The AEA website outlines the nuts and bolts of the GEDI program. Let me take a moment to elaborate on what those nuts and bolts did for me. Throughout the nine-plus months of the program, I was challenged to and supported in questioning my assumptions, clarifying my values, developing my interpersonal and technical skills, and building the foundation of my culturally responsive evaluation practice by my five cohort-mates, program mentors, host-site supervisors, GEDI alum, and myriad other members of the AEA community. Through cohort group projects and the wide variety of work I did at my host site, Planning Council for Health and Human Services (now IMPACT Planning Council), I was given ample opportunity to hone these skills and apply theories, approaches, and concepts I was exposed to during workshops, conference sessions, GEDI webinars and in-person meetings, and one-on-one conversations with seasoned evaluators and leaders in the field. These conversations providing professional and personal support and space for critical reflection were and continue to be invaluable. The opportunities to have them and to develop ongoing relationships within the AEA community have probably been the most valuable benefits for me of the GEDI program.
As I head to Atlanta for my third Summer Institute, I’m looking forward not only to continue my professional development and see friends and my evaluation family but to help celebrate the graduation of the current GEDI cohort. And as the application deadline nears, I’m truly excited about the opportunity to give back to AEA and the GEDI program, in particular Drs. Ashaki Jackson, Stewart Donaldson, and John LaVelle, by being a supervising mentor for a student in the 2015-2016 cohort.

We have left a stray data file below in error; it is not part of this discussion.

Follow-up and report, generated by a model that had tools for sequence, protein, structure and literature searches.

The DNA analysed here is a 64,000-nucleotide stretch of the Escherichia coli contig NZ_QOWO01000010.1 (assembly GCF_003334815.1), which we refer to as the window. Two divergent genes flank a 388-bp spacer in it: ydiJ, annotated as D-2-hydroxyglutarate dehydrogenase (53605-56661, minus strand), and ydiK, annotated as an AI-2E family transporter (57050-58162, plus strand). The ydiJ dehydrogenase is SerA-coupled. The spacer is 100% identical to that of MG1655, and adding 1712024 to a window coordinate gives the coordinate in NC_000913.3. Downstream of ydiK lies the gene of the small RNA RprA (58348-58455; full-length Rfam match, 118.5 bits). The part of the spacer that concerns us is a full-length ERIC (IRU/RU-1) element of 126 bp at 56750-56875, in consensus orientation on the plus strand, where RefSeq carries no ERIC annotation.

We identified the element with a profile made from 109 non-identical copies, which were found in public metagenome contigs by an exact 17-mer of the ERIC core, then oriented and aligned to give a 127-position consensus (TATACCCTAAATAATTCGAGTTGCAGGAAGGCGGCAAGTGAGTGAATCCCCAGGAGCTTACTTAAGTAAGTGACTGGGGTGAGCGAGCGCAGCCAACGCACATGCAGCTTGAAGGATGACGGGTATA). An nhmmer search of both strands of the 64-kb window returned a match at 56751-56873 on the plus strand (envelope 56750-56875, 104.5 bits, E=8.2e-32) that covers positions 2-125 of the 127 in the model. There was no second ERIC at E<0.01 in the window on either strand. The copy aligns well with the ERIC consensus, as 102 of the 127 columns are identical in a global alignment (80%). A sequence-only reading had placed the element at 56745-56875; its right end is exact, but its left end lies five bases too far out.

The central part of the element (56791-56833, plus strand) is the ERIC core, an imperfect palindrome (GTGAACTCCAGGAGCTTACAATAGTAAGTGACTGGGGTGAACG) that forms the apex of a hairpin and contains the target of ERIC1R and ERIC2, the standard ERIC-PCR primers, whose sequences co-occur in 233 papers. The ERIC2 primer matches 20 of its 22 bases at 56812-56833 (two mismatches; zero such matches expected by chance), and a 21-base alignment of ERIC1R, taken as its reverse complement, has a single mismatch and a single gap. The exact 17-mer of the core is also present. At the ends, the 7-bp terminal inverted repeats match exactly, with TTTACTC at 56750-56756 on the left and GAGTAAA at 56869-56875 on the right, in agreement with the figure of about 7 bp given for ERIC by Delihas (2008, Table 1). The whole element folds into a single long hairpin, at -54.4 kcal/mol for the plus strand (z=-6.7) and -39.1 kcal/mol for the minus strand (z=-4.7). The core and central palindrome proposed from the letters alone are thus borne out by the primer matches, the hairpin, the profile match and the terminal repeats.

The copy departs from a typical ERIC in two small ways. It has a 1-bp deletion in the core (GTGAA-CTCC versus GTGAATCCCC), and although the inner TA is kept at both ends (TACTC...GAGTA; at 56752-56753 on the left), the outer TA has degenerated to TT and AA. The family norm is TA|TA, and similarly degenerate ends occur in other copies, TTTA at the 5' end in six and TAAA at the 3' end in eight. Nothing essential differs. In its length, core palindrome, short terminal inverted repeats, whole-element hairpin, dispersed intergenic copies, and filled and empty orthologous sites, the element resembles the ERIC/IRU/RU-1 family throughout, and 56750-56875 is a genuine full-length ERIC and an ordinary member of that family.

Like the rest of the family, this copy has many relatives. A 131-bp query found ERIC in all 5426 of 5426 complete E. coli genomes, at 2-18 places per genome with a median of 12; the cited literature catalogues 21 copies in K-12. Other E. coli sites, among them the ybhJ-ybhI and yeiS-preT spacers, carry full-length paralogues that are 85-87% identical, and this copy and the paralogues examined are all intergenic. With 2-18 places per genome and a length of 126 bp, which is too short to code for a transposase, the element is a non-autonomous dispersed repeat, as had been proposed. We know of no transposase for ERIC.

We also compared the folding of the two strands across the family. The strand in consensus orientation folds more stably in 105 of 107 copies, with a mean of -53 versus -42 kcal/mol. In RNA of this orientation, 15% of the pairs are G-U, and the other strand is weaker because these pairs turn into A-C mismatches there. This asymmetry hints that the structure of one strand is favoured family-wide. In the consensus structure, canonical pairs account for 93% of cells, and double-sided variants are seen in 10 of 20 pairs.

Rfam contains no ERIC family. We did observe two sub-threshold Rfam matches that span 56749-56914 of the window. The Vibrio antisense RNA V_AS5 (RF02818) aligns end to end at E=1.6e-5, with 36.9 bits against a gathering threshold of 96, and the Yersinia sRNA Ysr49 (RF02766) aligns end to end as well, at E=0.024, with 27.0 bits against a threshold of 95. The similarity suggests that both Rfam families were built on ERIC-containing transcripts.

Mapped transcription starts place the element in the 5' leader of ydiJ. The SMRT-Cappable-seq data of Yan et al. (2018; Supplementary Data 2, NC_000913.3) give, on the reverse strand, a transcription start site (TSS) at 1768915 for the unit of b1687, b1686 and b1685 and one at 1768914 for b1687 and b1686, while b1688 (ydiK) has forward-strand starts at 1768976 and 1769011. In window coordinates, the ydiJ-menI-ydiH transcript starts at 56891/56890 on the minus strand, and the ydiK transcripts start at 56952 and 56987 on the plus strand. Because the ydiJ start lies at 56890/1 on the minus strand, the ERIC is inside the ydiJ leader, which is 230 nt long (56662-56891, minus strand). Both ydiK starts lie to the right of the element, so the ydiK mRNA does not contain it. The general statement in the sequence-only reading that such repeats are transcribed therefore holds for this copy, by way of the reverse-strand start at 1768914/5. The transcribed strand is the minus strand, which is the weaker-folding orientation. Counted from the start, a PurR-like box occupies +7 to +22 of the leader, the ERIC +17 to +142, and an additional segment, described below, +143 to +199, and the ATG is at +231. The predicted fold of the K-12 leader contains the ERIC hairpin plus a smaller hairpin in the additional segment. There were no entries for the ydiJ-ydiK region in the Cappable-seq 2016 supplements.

Interested in applying for the GEDI program? Click here to learn more. Applications are due Friday, June 5, 2015
From Sheila B. Robinson, Potent Presentations Initiative Coordinator
Happy spring, everyone! Hey, it’s May, and time to do a little spring cleaning, so go through your closets and dump all those 1990s styles. They’re not coming back anytime soon! The same goes for those outdated 1990s PowerPoint styles.
The other day, I attended an important presentation. The content of the presentation was relevant to me, but I found myself distracted by the unnecessary and irrelevant PowerPoint template filled with bullet after bullet of unnecessary text and a dizzying array of 3-D graphs. I walked away slightly disoriented, having not retained a good understanding of the material. This presentation broke all the rules! It was like watching the first segment of a “What Not to Wear” episode.
Of course I’m well aware of critics who see presentation design as nothing more than the superficial “dressing up” of PowerPoint slides for that oh-so-modern fashion statement. I can assure you, however, that “form over substance” is not at all the goal of good design.
Let me tell you what happened during that presentation. The presenter knew the material, was practiced and polished, was a good natural public speaker, and had a clear and compelling message to deliver. That said, the poorly designed slides obfuscated those positive attributes. First came the slide with seven bullet points of text. Naturally, I read through them at my own pace, the consequence of which was I missed what the speaker was telling us about those points. Next, I saw the slide with six different graphs with axis labels too small to be read. Like the rest of the audience, I found myself squirming in my seat, squinting at the screen trying to identify key data points. Assuming I needed to understand all six graphs in relation to each other, my eyes darted from one to the other, trying to quickly compare the data and make sense of it all before the next slide appeared, again, missing what the speaker had to say.
I will forgo discussing the eight-sliced, 3-D, rainbow-colored exploding pie graph*, the veritable mint green, short-sleeved, polyester leisure suit of presentations. Needless to say, I left this session with no understanding of the speaker’s take on the bullet points and virtually no memory of why we were shown the graphs in the first place.
Thankfully, we have an excellent free resource available on the p2i website that presenters can access to learn the rules of good presentation design. Slide design guidelines are like the Stacy and Clinton of PowerPoint (Stacy and Clinton are the hosts of the TV show “What Not to Wear.”). Let’s face it – we all know we need to make design decisions around text, font, color, graphs, and graphics. Why not check out these rules before your next presentation?